Teaching: The Most Noble Profession
Another school year begins.
Last week, I was speaking to a veteran teacher of 35 years; an award-winning teacher. She’d recently retired. I asked her if she missed teaching. She didn’t miss a beat. “Not at all. Not since No Child Left Behind.” For her, teaching had become untenable. Her special education students, often immigrant children without English competency, were taking standardized tests that she described as nothing less than cruel.
Perhaps if these standardized tests were helping our children, she wouldn’t be so jaded and discouraged; but the irony is that there is little evidence that regular national standardized tests improve educational outcomes and much evidence that other educational approaches are far more successful.
It is a scary thing to imagine that we are driving out the very best teachers like her. It is deeply worrisome that veteran teachers are discouraging their own children from becoming professional teachers. It is truly terrifying that the Texas Republican Platform states:
We oppose the teaching of Higher Order Thinking Skills (HOTS) (values clarification), critical thinking skills and similar programs that are simply a relabeling of Outcome-Based Education (OBE) (mastery learning) which focus on behavior modification and have the purpose of challenging the student’s fixed beliefs and undermining parental authority.
One can only imagine the sorts of teachers who will remain if Texas gets its way. Or the future in store for all of us when the children who’ve been taught to memorize, regurgitate and obey – but not think – grow up and take upon themselves the roles of professionals and citizens.
If we drive creative and brilliant minds away from teaching, the situation for our future really does become bleak. So this is a plea for those who care about our future; who are committed to deep, critical, and careful thought; who want to impart such skills to the next generation, and who love young people: please, please teach.
Above all else, education is the key to a better world. There is little hope that we will solve our pressing challenges without an educated populace that thinks deeply and innovatively to solve problems, and if those drawn to teaching stop (or never start) preparing those thinkers and change agents of the future, then who will do this great work? My hope is that teachers will fight with all their heart and soul to teach with their passion intact no matter what systems around them seem intractable; no matter what politicians demand; no matter how inadequate their salary; and no matter what the media dishes out. We need such teachers – our future needs them – now more than ever.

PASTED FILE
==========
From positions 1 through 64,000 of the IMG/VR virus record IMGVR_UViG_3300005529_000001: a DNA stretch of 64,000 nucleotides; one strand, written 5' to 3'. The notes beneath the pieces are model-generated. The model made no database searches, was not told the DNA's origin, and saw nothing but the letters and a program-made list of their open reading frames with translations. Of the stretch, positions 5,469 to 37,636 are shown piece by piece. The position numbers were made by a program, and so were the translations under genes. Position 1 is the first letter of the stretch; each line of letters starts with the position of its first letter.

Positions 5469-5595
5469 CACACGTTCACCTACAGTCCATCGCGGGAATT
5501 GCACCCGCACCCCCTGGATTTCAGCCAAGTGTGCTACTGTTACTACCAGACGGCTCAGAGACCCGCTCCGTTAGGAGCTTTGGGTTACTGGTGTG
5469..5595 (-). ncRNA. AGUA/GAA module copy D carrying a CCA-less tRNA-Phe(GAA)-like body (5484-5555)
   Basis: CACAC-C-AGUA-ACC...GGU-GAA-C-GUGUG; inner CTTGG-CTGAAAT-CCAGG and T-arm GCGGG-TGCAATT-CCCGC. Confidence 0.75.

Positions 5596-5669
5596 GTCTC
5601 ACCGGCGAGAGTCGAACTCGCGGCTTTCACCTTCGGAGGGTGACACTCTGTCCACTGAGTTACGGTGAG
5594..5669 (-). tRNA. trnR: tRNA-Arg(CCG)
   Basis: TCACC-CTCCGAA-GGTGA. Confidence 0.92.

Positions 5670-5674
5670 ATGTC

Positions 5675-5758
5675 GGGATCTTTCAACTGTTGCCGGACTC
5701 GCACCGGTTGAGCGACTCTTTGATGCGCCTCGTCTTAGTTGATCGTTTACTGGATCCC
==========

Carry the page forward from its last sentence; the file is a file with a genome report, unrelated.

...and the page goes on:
In college, a friend in medical school told me that he thought that medicine was the most noble profession. It was a strange statement, really, and quite provocative. I wondered at the time, can any profession be the most noble? I ruminated on it for a long time, and now, 30 years later, I feel ready to respond. If asked to name the most noble profession, I would not hesitate to say teaching.
Teachers are the agents of the future. Will our world be populated by people ready and able to meet that future as creative and critical thinkers; as wise, compassionate and knowledgeable citizens; as skilled and motivated solutionaries within their professions? The answer to this question lies with teachers. More than any other profession, teaching has the power to create a healthy, just and peaceful world (or not). It has the ability to seed our society with informed, caring and engaged citizens (or not). It has the capacity to inspire lifelong learning and a passion for knowledge, understanding, and innovation (or not). Is there anything more important than this?
Zoe Weil is the president of the Institute for Humane Education, which offers the only graduate programs in comprehensive humane education, as well as online courses, workshops, and dynamic resources. She is the author of Nautilus silver medal winner Most Good, Least Harm: A Simple Principle for a Better World and Meaningful Life; Above All, Be Kind; The Power and Promise of Humane Education, and Moonbeam gold medal winner Claude and Medea, about middle school students who become activists. She has given a TEDx talk on humane education and blogs. Join her on Facebook and follow her on Twitter @ZoeWeil.
Image courtesy of nightthree via Creative Commons.